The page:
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Age differences in safety attitudes and safety performance in Hong Kong construction workersJournal of Safety Research
Document TypeJournal article
- age; safety attitudes; safety performance; accident/injuries; construction workers
AbstractProblem: Safety in the construction industry is a major issue in Hong Kong, representing about 46% of all occupational injuries in 1998. This study explored linear and curvilinear relations between age and safety performance (accident rates and occupational injuries), as well as safety attitudes, in construction workers in Hong Kong. Method: A Chinese version of the Safety Attitude Questionnaire (SAQ by Donald & Canter) was developed and administered to a sample of Chinese construction workers (N=374, 366 males, 8 females) from 27 construction sites. Results: Accident rates were not related to age. Occupational injuries were related to age in a curvilinear manner, with injuries at first increasing with age, then decreasing. Two safety attitude scales were related to age with older workers exhibiting more positive attitudes to safety. If age and tenure are controlled, some attitude scales are predictors of safety performance. Impact on industry: Management/supervisors, team leaders, and workers are all responsible for safety, and any negative bias toward older construction workers is unfounded.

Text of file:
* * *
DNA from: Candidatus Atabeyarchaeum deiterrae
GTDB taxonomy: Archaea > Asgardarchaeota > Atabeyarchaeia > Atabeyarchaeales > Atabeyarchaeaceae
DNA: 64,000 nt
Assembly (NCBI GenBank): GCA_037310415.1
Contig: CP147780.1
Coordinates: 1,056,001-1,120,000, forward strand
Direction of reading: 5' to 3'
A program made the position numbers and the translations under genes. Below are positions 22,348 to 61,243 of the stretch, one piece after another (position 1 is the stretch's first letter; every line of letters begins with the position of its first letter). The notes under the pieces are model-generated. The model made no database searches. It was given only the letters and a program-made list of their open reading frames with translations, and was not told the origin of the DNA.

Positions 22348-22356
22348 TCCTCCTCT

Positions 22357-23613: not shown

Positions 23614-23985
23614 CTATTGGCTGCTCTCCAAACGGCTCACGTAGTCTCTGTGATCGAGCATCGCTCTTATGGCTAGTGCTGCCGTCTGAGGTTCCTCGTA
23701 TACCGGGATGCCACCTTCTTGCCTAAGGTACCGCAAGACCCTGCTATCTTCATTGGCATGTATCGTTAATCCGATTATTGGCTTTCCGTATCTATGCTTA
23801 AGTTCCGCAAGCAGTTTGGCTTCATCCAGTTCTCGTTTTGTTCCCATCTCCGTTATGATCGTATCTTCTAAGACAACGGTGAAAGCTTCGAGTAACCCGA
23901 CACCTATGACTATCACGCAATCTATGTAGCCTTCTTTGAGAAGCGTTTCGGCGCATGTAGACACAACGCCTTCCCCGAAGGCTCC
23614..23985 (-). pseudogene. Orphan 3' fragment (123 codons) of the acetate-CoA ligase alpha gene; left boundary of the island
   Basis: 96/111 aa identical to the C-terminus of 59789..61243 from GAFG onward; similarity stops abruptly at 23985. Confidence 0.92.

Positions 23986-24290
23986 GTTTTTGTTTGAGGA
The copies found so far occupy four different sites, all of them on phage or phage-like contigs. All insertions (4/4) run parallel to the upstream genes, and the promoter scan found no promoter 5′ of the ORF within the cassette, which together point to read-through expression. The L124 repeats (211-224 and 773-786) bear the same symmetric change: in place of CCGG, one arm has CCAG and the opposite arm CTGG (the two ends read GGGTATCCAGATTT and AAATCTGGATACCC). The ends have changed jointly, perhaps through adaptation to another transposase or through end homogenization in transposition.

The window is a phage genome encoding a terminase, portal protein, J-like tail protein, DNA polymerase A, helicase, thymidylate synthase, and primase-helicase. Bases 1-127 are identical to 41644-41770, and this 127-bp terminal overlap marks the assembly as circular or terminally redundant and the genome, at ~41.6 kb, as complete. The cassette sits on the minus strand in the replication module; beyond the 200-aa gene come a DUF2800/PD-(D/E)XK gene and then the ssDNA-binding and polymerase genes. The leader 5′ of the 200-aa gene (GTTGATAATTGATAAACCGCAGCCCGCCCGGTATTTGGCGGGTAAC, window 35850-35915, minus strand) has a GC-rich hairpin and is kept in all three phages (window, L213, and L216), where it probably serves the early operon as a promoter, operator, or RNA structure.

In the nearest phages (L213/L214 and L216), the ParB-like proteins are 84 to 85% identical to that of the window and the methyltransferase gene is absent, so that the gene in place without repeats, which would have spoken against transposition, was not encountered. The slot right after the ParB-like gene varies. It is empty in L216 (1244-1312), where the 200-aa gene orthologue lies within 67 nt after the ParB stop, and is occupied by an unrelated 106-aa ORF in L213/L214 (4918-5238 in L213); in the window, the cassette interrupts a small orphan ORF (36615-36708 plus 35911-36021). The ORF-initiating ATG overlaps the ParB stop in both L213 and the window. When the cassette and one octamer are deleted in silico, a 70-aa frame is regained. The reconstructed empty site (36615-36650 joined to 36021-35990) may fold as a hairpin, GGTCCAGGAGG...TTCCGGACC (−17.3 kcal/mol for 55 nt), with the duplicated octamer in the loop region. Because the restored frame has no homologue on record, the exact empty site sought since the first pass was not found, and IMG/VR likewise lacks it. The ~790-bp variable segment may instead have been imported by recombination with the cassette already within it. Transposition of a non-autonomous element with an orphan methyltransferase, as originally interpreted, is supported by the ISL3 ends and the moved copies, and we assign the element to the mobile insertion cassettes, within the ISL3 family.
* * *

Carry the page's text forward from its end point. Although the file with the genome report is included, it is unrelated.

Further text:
Copyright © 2002 Elsevier Science Ltd and National Safety Council
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Citation InformationSiu, O.-l., Phillips, D. R., Leung, T.-w. (2003). Age differences in safety attitudes and safety performance in Hong Kong construction workers. Journal of Safety Research, 34(2), 199-205. doi: 10.1016/S0022-4375(02)00072-5